40 pages 1 hour read

John Steinbeck

Travels With Charley

Nonfiction | Autobiography / Memoir | Adult | Published in 1962

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Symbols & Motifs


The decline of roots among the American population is a recurring motif in Travels With Charley, in relationship to both Steinbeck himself and the people he encounters. Steinbeck feels rootless after visiting his hometown. He has lived all over the world, and although he was raised in California and has lived in New York for a long time, he doesn’t consider any particular place home. He sees this trend across the country: People are becoming more mobile, intentionally abandoning their roots to seek better lives in more exciting places. Mobile homes exemplify this trend; even houses no longer must stay in one fixed location. Rootlessness also refers to the rapidly changing landscape of the US as a whole; every town he visits is expanding rapidly and becoming more like everywhere else. Thus, even the people who do stay where they were born are starting to lose their roots as their familiar homelands are reshaped around them.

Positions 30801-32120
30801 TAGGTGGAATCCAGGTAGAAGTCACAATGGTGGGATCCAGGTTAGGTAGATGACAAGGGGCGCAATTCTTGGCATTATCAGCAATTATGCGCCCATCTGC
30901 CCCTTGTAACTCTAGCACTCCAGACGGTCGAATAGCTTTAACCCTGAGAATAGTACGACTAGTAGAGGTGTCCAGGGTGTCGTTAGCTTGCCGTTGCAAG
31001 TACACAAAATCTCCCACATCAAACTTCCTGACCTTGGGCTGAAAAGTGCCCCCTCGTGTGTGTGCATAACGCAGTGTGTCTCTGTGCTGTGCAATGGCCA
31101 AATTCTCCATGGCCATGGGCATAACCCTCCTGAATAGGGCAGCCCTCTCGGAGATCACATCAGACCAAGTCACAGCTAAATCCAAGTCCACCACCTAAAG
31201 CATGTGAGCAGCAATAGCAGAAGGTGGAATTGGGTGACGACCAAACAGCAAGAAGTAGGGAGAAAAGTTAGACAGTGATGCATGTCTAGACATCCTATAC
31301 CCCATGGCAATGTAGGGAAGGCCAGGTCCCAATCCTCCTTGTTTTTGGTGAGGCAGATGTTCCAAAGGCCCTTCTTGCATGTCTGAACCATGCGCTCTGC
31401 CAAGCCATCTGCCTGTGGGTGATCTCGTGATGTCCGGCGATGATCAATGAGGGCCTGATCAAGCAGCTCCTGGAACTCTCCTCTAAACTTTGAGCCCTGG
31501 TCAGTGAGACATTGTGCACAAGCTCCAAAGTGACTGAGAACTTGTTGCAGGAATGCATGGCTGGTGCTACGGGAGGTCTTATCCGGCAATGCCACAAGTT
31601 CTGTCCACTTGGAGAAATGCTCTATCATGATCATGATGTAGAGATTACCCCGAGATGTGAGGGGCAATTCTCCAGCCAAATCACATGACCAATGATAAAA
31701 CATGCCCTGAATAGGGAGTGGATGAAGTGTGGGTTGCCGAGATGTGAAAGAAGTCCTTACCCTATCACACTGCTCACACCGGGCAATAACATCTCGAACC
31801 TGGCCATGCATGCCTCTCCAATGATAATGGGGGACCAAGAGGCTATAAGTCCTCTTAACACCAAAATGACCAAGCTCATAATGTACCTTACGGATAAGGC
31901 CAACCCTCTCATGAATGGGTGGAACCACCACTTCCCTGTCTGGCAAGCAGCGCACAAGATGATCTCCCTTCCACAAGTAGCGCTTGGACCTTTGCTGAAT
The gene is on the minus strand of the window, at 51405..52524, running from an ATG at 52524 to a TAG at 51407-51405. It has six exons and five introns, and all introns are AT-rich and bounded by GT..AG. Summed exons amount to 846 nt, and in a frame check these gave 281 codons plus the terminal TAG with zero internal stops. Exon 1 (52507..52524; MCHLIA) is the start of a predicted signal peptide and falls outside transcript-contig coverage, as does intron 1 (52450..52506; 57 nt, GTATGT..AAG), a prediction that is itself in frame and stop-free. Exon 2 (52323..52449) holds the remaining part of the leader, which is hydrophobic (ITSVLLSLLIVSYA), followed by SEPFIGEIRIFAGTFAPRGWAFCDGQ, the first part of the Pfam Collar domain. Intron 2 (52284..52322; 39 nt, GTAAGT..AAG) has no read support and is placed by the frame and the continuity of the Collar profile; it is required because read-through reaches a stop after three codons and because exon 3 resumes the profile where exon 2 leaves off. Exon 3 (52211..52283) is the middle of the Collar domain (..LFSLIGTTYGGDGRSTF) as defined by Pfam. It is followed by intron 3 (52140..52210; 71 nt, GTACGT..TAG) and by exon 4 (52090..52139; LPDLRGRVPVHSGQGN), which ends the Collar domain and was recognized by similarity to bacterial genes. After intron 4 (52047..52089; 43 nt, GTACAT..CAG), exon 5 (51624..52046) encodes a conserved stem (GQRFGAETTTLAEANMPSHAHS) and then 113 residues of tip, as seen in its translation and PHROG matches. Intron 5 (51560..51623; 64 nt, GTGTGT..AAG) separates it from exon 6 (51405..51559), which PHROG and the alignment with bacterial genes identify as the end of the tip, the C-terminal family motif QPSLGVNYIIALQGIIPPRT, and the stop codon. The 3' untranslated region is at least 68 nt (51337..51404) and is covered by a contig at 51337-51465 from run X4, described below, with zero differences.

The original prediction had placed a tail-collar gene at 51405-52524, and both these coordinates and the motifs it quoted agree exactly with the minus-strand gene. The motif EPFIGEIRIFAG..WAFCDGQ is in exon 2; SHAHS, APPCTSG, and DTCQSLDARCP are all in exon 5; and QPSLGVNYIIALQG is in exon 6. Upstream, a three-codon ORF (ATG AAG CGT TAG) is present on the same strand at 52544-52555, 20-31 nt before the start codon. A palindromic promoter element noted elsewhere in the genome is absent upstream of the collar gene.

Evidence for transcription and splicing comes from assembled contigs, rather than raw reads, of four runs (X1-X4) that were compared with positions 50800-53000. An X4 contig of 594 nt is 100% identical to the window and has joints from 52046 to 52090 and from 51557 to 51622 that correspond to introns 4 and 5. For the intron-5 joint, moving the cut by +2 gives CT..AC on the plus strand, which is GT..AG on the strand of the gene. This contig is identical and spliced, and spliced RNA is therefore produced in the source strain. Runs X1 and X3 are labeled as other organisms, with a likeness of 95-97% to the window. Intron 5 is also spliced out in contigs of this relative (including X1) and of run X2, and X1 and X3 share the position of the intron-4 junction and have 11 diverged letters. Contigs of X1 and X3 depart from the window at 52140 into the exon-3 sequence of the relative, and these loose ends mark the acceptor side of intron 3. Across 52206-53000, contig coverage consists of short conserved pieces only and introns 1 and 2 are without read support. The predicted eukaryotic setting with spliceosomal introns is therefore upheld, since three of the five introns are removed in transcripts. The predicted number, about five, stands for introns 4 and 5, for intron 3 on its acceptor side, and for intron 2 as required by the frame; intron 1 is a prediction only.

Natural Landscapes

The book uses landscapes as symbols in multiple ways. Often, the symbolism connects not only to the land itself but also to Steinbeck’s state of mind when he encounters it, to the time of year, and to the weather. The desert, for example, symbolizes the inability of humans to conquer every inch of the earth.